The Covid-19 immunisation taskforce is embroiled in a credibility crisis.
First, it was several exposes by citizens being given ‘blank shot’ vaccinations. This forced the controversy-courting health minister to respond by assuring the public that those who received blank shots could come back for a complete dose.
Next, there were also claims by the public that the vaccination appointment system was open to abuse. Allegations of the sale of vaccines and vaccination appointments by shadowy personnel surfaced.
Then concerns emerged about posters at certain centres spelling out a strict dress code for those appearing for vaccinations.
We also heard that people were being pressured to pay for face shields at a mega vaccine centre.
Why must the taskforce be inundated with endless suspicious allegations that could weaken public confidence in the national vaccination drive?
What is so difficult about having a spotless delivery of the nationwide vaccination programme?
Are there any deep-seated corrupt opportunities weaving their way through such an important health exercise?
The minister responsible for immunisation and the health minister must respond with straight answers.
It is unthinkable that there are reported cases of people receiving blank or incomplete dosages of vaccines.
Apologising or reprimanding staff on duty at vaccine centres is like quickly plastering over a serious act.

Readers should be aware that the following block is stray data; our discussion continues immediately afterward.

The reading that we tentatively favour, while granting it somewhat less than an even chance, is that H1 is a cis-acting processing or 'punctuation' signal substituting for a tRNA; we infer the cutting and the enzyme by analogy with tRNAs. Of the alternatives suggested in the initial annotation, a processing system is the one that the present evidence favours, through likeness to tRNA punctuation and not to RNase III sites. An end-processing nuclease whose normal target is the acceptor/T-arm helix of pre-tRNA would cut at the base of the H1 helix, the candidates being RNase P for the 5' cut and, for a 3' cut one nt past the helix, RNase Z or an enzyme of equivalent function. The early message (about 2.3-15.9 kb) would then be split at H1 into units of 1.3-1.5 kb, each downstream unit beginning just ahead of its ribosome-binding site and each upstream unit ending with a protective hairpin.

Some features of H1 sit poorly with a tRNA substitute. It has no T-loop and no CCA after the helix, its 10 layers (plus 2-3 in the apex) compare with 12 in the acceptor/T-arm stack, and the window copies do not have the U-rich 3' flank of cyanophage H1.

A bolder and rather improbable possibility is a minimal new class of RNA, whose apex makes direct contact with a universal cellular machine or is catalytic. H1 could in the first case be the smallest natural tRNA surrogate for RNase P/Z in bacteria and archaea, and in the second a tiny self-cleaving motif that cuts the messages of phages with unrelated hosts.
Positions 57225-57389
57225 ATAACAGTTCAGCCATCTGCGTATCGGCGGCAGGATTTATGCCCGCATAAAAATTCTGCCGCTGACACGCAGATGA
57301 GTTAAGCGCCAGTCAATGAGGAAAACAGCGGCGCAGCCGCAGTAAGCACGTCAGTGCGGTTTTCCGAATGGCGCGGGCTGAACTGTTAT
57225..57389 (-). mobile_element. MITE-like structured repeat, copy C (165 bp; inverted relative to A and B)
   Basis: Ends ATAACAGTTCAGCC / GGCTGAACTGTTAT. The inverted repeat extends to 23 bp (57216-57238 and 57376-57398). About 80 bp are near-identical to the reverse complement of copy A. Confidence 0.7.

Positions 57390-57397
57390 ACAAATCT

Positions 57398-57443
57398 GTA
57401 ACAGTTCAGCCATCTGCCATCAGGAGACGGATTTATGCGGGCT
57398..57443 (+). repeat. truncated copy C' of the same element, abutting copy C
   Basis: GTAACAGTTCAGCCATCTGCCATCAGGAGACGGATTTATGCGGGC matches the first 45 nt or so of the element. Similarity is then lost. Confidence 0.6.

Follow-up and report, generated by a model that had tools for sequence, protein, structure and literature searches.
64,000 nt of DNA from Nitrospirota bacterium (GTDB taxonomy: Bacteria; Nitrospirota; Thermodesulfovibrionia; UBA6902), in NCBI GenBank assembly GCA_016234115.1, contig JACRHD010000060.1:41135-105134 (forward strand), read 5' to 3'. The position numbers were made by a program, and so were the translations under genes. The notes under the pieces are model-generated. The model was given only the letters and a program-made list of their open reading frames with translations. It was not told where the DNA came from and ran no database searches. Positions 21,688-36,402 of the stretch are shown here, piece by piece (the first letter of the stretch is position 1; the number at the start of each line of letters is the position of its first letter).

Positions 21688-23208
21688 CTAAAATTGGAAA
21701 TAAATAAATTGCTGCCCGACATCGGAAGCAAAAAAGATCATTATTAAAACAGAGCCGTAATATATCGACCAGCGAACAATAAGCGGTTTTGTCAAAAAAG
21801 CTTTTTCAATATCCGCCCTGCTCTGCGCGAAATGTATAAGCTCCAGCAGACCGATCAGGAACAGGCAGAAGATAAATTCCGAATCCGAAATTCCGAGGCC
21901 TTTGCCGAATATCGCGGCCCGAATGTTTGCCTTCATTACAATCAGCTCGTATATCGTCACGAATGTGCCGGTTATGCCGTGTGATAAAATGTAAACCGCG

We have to ask some hard questions because administering an injection is not casual business – more so when it is a vaccine meant to protect against a deadly virus.
The government spends enormous amounts of money to procure the vaccines. The entire nation’s healthcare machinery has to be deployed, and many medical staff are exhausted.
Many are wondering how trained certain medical staff can inject blank shots or half measures of the tiny dose of vaccine. How many such instances have there been so far?
The last time some expose was made, the immunisation minister rushed to reassure everyone that new safety standards would be added, namely having an additional staff member to be the eyes for each dose administered.
Are we saying that despite this additional measure, we are still having such incidents?
We need clear, prompt answers from the health minister, and it must be immediate. Apologising to those vaccinated or saying that disciplinary action would be taken against the staff responsible is not the solution.